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Family Matters: Never Too Old for Story Time


ReadingMom, will you read me a bedtime story? Cherish these words spoken from your child because they will not say them forever. My daughter Grace is now twelve and we are long past the bedtime stories.

The other day I was reading an article (nothing I haven’t really read before) about the more you read to your children, the more they will enjoy reading and the better readers they will be. I thought about Grace and how reading and spelling are not her favorite subjects in school and thought for a moment, maybe I should go back to reading her bedtime stories. I finished reading the article and didn’t think too much about this anymore.

Later that same night, I tucked Grace in bed like I usually do, kissed her on the forehead and said good night. As I was walking out of her bedroom, I heard those familiar words once again. Mom, will you read me a bedtime story? Did she just say what I think she said? My 12-year-old just asked me to read her a bedtime story! I am a woman of faith, so I believe the Lord was looking down at me with a wink in his eye and saying here is your opportunity. What are you going to do with it?

We have been reading together every night for the past two weeks. This is a special time that we both look forward to and one that I am going to cherish. Don’t miss out on opportunities to seize the moment with your family. Count your blessings and give thanks for those special moments.

 



Healthy Living: Back to School


When I was younger, I would start getting excited about the back-to-school season around the end of July. I loved going to the store with my parents to pick out the coolest school supplies, the most fashionable clothes and the most delicious snacks for my lunch box. 

I remember once school started my dad would get up early every morning to make my lunch. Some days I would get a turkey and cheese sandwich, and other days I would get my favorite, a peanut butter and jelly sandwich. My favorite part of my dad making my lunch was that each day my sandwich would be cut into a different shape. I loved opening my lunch box to see what kind of design was cut into my sandwich.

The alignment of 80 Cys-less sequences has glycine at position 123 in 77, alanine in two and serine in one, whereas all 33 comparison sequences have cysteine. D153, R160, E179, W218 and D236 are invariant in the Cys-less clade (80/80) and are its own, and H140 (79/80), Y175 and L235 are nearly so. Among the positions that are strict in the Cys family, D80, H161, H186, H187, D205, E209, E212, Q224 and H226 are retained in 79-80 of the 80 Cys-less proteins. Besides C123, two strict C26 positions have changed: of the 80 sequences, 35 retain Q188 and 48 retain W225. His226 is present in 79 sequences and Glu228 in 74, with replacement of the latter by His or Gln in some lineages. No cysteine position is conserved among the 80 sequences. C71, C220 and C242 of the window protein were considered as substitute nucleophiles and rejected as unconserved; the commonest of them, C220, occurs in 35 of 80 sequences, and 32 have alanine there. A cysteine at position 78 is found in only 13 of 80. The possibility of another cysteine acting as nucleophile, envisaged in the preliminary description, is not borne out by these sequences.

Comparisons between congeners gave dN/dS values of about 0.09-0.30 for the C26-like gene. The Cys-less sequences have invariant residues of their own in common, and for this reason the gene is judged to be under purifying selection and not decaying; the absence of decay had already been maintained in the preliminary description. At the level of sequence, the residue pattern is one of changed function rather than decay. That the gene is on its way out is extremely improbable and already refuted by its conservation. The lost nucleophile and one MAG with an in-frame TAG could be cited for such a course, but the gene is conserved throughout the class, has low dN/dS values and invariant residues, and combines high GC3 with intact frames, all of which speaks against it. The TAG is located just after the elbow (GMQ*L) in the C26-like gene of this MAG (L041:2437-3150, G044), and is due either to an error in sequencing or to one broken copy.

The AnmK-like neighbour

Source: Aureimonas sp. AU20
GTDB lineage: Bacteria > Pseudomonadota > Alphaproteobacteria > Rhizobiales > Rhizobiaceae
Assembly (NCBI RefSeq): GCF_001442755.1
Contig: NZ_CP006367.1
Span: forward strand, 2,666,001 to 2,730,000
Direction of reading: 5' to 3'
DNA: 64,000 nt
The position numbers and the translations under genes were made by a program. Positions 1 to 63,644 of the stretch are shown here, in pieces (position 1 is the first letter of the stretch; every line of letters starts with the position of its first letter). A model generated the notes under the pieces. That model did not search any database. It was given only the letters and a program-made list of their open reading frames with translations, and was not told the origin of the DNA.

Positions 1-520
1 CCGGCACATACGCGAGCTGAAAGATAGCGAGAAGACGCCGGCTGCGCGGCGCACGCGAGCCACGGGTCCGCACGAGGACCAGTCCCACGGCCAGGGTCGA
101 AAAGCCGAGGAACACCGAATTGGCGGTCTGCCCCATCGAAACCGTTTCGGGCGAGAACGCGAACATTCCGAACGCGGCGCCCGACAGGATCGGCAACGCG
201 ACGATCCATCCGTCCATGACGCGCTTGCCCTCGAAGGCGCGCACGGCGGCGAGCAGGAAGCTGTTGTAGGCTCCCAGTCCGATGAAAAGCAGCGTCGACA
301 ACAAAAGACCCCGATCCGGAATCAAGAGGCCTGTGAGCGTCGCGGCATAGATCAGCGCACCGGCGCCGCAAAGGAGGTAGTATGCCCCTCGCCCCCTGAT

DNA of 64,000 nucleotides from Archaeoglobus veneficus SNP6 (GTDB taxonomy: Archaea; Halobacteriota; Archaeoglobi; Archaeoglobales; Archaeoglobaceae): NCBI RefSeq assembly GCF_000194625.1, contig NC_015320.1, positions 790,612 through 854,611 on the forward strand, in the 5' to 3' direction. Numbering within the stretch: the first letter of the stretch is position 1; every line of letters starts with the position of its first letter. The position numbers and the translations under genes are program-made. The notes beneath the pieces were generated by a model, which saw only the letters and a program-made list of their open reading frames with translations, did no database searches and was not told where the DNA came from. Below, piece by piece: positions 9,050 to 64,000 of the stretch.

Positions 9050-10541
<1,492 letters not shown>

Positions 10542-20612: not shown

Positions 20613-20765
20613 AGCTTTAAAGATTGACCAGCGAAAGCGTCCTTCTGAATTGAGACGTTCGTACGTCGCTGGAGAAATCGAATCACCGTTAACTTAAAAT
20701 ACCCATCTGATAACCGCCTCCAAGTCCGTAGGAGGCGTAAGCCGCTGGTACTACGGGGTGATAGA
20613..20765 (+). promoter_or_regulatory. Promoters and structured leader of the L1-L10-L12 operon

If your kids love PB&J sandwiches, I highly suggest trying this recipe: PB&J sushi rolls. It’s easy to make and it brings variety to your kid’s lunch.

PB&J sushi rolls

Prep Time: 10 minutes

Ingredients:
4 slices whole wheat bread, crust removed
1/4 cup jam
1/4 cup peanut butter

Directions
Press down on bread to flatten. Spread about 1 tablespoon of jam and peanut butter on each slice of bread. Starting at one edge, slowly roll the bread tightly. Slice into rolls about 2 inches wide, cleaning the knife between each cut to separate rolls neatly.

Serves 4

Nutritional Information: Calories Per Serving: 220, Fat: 9 g (2 g Saturated Fat), Cholesterol: 0 mg, Sodium: 213 mg, Carbohydrates: 29 g, Fiber: 3 g, Protein: 8 g



Family Matters: Hand-Me-Downs


I don’t know about your family, but our kids love to get “hand-me-downs.” It is getting new things without the hassle of shopping and it costs nothing…what could be better! When we get a bag of hand-me-downs from a friend, our girls put it in the middle of our living room and tear through the bag to see what fits and what looks good on them, and then they claim it as their own. Of course in a house where three of the girls wear the same size clothes, nothing is really ever your own, but it feels good at the moment to think it is all yours!

Our family takes all of our hand-me-downs to a local clothes closet that benefits less fortunate families.  We can take clothes, shoes, toys or anything that is still in good shape and donate it to be used for the good of others. We have a saying at our house: “Your hand-me-downs can raise someone else up.” This means that something we can no longer use or wear can be given to someone who is in need, and it will bring them comfort and a sense of joy. What is more rewarding than knowing you are helping others by just giving — something that cost you nothing? 

Don’t throw good, used clothing away for there is always someone who can benefit from items that your kids have outgrown. If you can’t find a local charity that takes used clothing, I promise there is some friend with kids that would love to have them, just ask. Rule of thumb: don’t donate items that have holes in them or stains (things that your kids would not wear).  When you want to raise someone else up, make your hand-me-downs something they will be proud to wear. A great time to do this is right before your kids go back to school. If they are like mine, they grow out of everything by the next school year. Clothes and shoes are expensive so this is a great way to teach your kids how to give to others.